How to Market Your Next Product before Launch

A lot of companies make the mistake of starting to market their own product only after the product is ready to be launched.

The problem with this approach?

Most likely, you will waste time and sales effort on trying to market the unknown product of an unknown brand.

Too many startups and companies ask themselves, “But what can I market if I don’t even have a product yet?” Actually, there are a lot of things that you can market. In fact, before you even have a product, you should start building interest, finding your audience, conducting research, and testing out various marketing approaches.

Below are the examples of activities you should do before you have a product.

Determine Your Target Audience

This has been stated over and over again, but the first thing that you must to is to figure out exactly who you will be selling to. Be as specific as possible in your analysis.

For example, instead of just “young males”, maybe it’s university students with limited income who live in dormitories. Once you have identified the precise audience, you will be able to target them with the right messages through the correct media channels. A full guide on how to create a buyer persona can be found here.

Define Your Social Media Strategy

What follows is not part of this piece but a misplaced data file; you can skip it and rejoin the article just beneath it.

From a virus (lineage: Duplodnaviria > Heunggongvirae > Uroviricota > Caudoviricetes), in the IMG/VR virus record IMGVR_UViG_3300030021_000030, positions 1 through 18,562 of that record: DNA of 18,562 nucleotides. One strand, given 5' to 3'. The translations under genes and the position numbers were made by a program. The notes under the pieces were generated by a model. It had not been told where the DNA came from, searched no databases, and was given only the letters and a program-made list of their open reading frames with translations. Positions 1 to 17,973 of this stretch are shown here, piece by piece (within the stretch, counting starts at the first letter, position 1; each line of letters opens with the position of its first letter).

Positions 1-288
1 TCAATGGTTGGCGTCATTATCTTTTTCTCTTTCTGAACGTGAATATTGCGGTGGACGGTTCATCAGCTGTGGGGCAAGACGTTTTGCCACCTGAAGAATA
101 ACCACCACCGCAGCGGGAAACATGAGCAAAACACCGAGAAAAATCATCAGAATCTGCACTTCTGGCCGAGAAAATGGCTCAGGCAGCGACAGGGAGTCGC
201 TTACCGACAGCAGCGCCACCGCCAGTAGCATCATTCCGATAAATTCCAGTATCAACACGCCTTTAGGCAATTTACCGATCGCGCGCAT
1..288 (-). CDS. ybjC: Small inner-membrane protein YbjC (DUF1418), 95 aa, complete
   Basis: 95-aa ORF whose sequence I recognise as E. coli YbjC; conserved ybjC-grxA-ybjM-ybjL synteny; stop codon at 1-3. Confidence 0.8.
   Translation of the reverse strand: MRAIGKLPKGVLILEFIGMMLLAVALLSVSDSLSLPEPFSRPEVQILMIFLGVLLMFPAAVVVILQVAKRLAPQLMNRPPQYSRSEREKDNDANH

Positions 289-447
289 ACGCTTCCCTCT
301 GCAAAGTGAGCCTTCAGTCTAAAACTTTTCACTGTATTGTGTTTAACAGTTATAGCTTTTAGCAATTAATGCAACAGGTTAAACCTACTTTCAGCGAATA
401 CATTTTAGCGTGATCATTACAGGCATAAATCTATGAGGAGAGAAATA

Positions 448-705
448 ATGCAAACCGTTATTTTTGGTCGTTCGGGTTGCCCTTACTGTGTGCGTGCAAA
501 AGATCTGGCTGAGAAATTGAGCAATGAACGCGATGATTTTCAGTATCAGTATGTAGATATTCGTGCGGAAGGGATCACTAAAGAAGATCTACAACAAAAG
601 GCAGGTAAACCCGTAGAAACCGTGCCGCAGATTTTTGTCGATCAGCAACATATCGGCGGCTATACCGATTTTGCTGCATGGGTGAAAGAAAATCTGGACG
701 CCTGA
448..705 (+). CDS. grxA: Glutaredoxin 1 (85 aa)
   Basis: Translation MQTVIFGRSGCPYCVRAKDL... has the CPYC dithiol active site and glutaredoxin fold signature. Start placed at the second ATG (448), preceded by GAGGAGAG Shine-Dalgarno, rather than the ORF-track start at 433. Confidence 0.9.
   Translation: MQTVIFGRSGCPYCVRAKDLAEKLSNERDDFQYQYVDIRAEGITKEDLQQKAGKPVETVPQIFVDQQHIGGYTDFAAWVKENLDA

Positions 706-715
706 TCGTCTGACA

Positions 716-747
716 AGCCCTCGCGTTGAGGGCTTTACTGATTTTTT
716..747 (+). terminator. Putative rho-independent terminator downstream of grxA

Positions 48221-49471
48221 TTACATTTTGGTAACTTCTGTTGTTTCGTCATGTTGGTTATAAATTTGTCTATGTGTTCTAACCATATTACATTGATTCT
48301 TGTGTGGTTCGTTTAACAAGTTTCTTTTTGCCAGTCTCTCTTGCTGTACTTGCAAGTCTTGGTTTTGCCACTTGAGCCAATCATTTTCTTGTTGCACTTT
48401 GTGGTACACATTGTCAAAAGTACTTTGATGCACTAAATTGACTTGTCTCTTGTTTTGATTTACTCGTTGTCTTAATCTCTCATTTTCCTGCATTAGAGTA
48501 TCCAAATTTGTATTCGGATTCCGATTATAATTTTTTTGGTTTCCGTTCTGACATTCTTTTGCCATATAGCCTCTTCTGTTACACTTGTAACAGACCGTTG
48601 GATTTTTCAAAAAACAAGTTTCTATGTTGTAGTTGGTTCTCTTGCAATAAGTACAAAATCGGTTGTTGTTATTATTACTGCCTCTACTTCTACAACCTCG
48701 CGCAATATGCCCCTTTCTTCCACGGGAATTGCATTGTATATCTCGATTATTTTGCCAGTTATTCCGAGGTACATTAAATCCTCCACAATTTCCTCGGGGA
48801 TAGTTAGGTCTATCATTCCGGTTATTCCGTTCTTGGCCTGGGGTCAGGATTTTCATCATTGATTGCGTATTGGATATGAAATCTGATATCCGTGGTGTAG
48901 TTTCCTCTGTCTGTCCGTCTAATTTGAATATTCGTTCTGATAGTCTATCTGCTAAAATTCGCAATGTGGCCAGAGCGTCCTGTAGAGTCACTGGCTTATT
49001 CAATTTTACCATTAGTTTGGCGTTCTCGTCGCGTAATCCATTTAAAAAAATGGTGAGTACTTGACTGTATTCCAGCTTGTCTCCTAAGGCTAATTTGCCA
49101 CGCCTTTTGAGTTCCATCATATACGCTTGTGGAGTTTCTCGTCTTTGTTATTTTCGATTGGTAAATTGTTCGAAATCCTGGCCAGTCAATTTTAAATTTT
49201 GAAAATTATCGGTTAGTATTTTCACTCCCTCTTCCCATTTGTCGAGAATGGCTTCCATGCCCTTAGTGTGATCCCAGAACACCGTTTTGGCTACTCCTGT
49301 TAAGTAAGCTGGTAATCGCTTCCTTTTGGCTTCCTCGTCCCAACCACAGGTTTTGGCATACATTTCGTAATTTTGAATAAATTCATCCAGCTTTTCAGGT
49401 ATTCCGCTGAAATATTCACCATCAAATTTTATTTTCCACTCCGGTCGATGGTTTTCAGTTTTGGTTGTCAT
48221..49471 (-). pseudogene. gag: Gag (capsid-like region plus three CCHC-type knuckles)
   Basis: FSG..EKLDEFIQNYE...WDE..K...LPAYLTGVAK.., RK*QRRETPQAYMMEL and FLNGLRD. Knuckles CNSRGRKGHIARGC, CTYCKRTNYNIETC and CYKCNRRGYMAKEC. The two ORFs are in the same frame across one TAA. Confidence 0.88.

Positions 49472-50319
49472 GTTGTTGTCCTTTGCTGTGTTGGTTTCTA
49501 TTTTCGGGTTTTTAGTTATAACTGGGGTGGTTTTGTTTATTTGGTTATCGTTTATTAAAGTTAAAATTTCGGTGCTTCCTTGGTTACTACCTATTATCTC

Based on the profile of your buyer persona, you need to figure out where your audience spends their time. Social media has an overwhelming power in any industry, so it’s crucial to maintain a solid and consistent presence across all your social media channels.

Build the Hype

You might not want to talk about the actual product before it’s ready, but that doesn’t mean you can’t tease people that something is coming up. Talk to industry experts, ask your followers for their opinion, and let them know that you are onto something huge.

Establish Your Credibility

Sharing is caring. Make sure that you share valuable information and insights with your audience, and provide them with tips for their pain points before selling anything to them. It takes a long time to “warm up” the audience before you can sell anything to them, so use this precious time to establish a connection with them.

Conclusion

While you may be worried that someone will try and steal your idea early on, the benefits of sharing with your audience far outweigh the threats. Before your product is ready, focus on getting to know your audience, showcasing your expertise, telling your story, and building expectations. That way, your audience is ready for the launch when the time comes.

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